Integra recently announced its fully differentiated and enhanced approach to local design, account management and customer support for its Electric Lightwave (large enterprise, government, education and carrier customers) and Integra Business (regional and middle-market enterprise customers) units. The opticAccess acquisition extended Integra’s capabilities, breadth and reach to additional customers that Integra can serve with this differentiated customer service model.
Electric Lightwave Highlights
1996: Integra Telecom is founded at the Oregon Graduate Institute in Washington County. Initially providing telecom services at OGI, Integra soon expanded to offer phone and data communications to small and mid-sized businesses.
2004: Integra moves headquarters to Portland's Lloyd District.
2006: Integra pays $247 million for Electric Lightwave, a Vancouver company that spent more than $1 billion to build 4,700-mile fiber network across the western U.S., then nearly collapsed in the dot-com bust.
2007: Integra buys another phone-and-data company, Eschelon Telecom, for $710 million.
2009: Wilting under debt from the Eschelon deal, Integra averts bankruptcy by recapitalizing under new ownership led by Goldman Sachs.
2011: Founding CEO Dudley Slater pushed out, replaced by Integra Chairman Tom Casey. Casey quits seven months later.
2012: Integra repositions to de-emphasize its small-business services and focus on long-haul fiber connectivity for large organizations. Goldman Sachs exits, selling its stake to Searchlight Capital Partners.
2014: Integra moves headquarters to Vancouver.
2015 Integra buys Optic Access with an additional 3500 miles of fiber and a festoon submarine system
2016: Integra splits business in two. The larger fiber business takes the Electric Lightwave name.
Founded 20 years ago privately held Electric Lightwave was known as Integra Telecom for most of its existence. It moved to Portland's Lloyd District in 2004, then to the old Hewlett-Packard campus in east Vancouver in 2014.
Electric Lightwave employs 587 in Washington at its Vancouver offices and at smaller sites in Seattle and Spokane, according to Zayo.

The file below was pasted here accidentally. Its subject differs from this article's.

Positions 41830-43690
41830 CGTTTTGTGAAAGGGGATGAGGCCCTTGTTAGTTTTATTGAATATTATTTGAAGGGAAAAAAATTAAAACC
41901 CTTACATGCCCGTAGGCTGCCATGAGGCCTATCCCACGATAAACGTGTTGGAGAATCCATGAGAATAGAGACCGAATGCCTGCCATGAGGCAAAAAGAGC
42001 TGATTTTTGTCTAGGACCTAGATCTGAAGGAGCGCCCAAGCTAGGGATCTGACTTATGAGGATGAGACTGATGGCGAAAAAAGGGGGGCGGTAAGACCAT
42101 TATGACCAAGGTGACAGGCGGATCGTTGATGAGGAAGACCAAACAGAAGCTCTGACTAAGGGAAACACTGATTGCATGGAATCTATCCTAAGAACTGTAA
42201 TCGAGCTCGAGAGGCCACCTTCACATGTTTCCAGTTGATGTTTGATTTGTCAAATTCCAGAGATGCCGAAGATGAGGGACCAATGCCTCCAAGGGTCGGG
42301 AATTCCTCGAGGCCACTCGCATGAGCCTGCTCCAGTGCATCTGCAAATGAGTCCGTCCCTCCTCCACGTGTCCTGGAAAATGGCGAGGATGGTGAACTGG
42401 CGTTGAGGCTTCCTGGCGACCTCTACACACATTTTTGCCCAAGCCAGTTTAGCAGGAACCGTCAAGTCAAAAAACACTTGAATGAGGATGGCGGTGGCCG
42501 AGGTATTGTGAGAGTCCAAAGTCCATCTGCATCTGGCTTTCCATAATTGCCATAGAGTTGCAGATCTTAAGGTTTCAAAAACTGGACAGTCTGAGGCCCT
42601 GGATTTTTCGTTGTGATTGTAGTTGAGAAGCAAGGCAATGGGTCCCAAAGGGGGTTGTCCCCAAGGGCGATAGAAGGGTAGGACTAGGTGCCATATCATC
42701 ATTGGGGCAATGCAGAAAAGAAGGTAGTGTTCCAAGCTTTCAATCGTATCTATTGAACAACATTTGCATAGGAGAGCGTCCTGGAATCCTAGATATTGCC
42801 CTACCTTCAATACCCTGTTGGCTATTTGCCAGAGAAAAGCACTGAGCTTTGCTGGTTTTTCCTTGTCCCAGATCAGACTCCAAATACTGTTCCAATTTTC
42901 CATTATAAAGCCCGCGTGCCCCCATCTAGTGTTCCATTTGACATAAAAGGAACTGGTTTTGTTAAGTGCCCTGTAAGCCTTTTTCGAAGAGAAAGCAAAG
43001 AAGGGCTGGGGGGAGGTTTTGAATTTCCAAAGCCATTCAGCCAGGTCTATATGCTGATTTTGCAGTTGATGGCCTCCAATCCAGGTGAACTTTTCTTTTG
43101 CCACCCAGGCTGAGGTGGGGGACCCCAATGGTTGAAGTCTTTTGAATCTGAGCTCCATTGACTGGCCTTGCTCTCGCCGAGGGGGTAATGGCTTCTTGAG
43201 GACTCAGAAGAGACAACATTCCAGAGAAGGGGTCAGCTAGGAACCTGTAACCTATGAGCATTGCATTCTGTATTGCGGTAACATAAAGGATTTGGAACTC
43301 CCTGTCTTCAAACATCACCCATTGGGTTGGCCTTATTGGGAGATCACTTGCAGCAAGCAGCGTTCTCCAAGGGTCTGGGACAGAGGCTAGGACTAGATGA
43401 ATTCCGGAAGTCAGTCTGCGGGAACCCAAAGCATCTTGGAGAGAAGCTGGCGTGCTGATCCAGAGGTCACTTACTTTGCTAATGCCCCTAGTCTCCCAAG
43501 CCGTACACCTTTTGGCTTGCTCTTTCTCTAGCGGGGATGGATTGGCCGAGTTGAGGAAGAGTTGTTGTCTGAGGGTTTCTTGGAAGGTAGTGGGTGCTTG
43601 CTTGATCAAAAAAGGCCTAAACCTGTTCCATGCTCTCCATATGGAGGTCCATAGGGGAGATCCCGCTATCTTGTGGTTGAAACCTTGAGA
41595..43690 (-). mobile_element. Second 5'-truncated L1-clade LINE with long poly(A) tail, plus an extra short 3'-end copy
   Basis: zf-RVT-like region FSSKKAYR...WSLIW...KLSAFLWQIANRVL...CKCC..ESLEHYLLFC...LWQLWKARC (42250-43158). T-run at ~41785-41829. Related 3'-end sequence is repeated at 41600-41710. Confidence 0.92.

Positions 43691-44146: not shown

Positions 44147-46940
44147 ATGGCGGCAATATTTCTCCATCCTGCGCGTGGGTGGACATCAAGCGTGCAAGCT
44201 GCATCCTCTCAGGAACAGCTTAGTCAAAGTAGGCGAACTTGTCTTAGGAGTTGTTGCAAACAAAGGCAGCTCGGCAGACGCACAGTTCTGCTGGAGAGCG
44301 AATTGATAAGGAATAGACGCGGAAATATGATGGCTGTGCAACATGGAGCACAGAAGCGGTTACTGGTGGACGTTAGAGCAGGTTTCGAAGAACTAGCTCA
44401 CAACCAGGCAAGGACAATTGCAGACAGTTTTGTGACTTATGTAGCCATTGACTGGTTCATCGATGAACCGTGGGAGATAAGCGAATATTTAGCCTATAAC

"Right now it's too early to say what the impact (of the deal) on offices will be," said Shannon Paulk, Zayo's director of corporate communications. She said the company will evaluate its locations after the deal closes next year.
As the market grew more challenging. Integra changed chief executives multiple times and repositioned itself, dialing back on the small-business market to focus on the fiber network it acquired when it bought Vancouver-based Electric Lightwave in 2006.
A portion of the business retained the Integra name, under the same corporate umbrella, serving legacy business clients. It appears Zayo is buying both parts of Electric Lightwave.
Integra hadn't reported financial results in several years, but its struggles are evident in Zayo's announcement of Wednesday's deal. The Colorado company said Electric Lightwave brings with it $400 million in past operating losses, which Zayo can carry forward to deduct from future tax liabilities.
Zayo said Electric Lightwave has more than 12,000 miles of fiber-optic cable in the western U.S., connected to 3,100 offices and 100 data centers. The Colorado Company said Electric Lightwave's network will improve its own ability to compete with larger telecom businesses
Gibson Dunn & Crutcher LLP served as legal advisor to Zayo on the transaction. Latham & Watkins and Gray Plant Mooty served as legal advisors to Electric Lightwave.
|Last Updated on Wednesday, 07 December 2016 08:57|